Buffalo Sabres Captains: The Final Chapter

With the season looming and the decision to name the next captain for the Buffalo Sabres around the corner, we take a final look at what got us this point in the history of the Sabres captains.  Up to this point, 11 players have had the distinction of being captain for this team and as you will see plenty of more to come.

As we already know, the Sabres ended the 90’s with a nasty contract dispute with Mike Peca, a bitter end to one of the best Stanley Cup Finals with “No Goal”, all followed by the Sabres owner heading off to prison for embezzling billions from Aldelphia Cable.  Times were changing and not for the better.  The NHL stepped in and took over control of the team until they were able to secure a new owner.  Even with that the Sabres were enroute to three straight seasons out of the playoffs.  Oh right there was a lost season in their too with the lockout in 2004-05.  The Sabres would come back in a big way with two straight Conference Final appearances.  I digress.

[You can read the first three parts of this series here: Part I, Part II, Part III]

2000’s

Stu Barnes (2001 – 2003)

Taking over for disgruntled and shipped out Mike Peca, Stu Barnes was next in line as captain of the Sabres.  Barnes was an original draft pick of the Winnipeg Jets, playing in parts of three seasons for them.  He would have stops in Florida and Pittsburgh before finding his way to the Sabres.  Buffalo traded agitator Matthew Barnaby to the Pens to acquire Barnes’ services.

When the Sabres acquired Barnes from the Penguins, he already had a 30-goal season and a 20-goal season under his belt.  He scored 20 in his first season with Buffalo but was unable to play an entire season after that.  He had the challenge of taking over the leadership role during some real tough times.  Unfortunately for him, the Sabres wouldn’t make the playoffs with him in that role, but he remains a favorite of Buffalonians.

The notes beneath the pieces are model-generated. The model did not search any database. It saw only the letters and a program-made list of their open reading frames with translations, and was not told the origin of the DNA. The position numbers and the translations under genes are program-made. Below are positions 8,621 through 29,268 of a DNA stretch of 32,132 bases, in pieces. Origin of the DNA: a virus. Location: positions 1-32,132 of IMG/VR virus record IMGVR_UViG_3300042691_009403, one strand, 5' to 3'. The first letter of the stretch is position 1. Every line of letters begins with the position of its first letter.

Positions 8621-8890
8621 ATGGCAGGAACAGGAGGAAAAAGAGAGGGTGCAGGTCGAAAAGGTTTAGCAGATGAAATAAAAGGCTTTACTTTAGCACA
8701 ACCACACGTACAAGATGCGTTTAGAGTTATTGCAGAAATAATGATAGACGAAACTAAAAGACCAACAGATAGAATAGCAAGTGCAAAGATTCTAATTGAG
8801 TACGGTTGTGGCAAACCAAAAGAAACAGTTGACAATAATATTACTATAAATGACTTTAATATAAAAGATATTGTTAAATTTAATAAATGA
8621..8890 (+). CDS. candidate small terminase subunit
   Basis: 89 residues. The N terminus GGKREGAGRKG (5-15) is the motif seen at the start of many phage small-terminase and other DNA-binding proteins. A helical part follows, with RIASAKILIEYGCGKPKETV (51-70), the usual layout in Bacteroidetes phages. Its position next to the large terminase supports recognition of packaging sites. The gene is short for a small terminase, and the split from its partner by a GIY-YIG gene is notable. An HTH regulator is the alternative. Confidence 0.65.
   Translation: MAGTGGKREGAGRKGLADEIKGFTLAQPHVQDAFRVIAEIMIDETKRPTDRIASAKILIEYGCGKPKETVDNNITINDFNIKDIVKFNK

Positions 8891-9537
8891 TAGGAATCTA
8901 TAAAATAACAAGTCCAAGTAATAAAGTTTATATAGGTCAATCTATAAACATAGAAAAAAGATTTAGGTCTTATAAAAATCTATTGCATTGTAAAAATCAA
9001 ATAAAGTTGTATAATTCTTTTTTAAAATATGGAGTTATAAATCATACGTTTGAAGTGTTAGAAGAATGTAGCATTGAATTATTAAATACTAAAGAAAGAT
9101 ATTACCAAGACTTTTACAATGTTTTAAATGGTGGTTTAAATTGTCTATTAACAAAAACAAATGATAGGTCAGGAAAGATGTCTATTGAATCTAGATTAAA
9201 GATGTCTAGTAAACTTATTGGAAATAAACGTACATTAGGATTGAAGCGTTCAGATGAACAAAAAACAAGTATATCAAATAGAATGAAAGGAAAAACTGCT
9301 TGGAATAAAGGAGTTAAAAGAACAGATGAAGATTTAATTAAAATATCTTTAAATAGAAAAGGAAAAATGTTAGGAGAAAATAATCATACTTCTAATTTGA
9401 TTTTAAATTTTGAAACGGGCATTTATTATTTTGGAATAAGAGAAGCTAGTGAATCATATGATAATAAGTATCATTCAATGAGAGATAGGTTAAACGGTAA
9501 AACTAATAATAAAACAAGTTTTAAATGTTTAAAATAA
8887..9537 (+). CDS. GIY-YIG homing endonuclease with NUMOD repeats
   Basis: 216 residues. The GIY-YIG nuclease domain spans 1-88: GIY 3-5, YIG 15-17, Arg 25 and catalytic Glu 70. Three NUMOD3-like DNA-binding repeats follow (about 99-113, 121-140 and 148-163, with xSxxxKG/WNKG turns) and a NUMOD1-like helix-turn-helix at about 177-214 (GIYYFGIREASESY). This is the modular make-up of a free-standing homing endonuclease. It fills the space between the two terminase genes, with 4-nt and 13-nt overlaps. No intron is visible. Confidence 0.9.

Barnes would eventually be traded to the Dallas Stars at the trade deadline in 2003.  Buffalo acquired Michael Ryan and a second round pick in the 2003 draft which they used to select Branislav Fabry (who never made it to North America).

Alternating Captains (2003 – 2004)

Part of the alternating captain idea would become co-captain in 2005 {Mike Lynaugh - Flickr}
Part of the alternating captain idea would become co-captain in 2005 {Mike Lynaugh – Flickr}

With new ownership in place and the idea that the Sabres were going to remain in Buffalo, the Sabres had difficulty finding just one player to take over the role.  In an idea that didn’t work (in my opinion), Buffalo decided to have alternating captains from month to month.  In the defense of the idea, I think it was designed to let a player emerge to take over the role for good.  It didn’t happen.

The first player to be named captain in 2003 was Miroslav Satan.  After acquiring Satan in a trade with the Edmonton Oilers in 1997, all he did was become a perennial 20+ goal scorer.  He was able to hit the 40-goal plateau once and scored 30 or more twice.

Satan didn’t really fit in the leadership role with the Sabres.  At times it appeared as he was just going through the motions out on the ice and eventually left Buffalo after the lockout when the Sabres didn’t offer him a contract.  He would play for the Islanders, Penguins (winning the Stanley Cup), and Bruins before heading over to Europe to finish out his playing career.

The next player to be the captain is one that should have never had it taken away.  Chris Drury was named the second captain of the 2003 season for the Sabres.  Drury was traded to the Sabres in July in 2003 and was an instant favorite.  His heart and hard work on the ice seemed to emulate what Buffalo was all about.  He scored 71 goals in his three seasons with the Sabres and should have been a lock to remain with the franchise for the rest of his career.

Drury would wear the “C” two more times with the Sabres before signing a free agent deal with the New York Rangers in the black summer of 2007.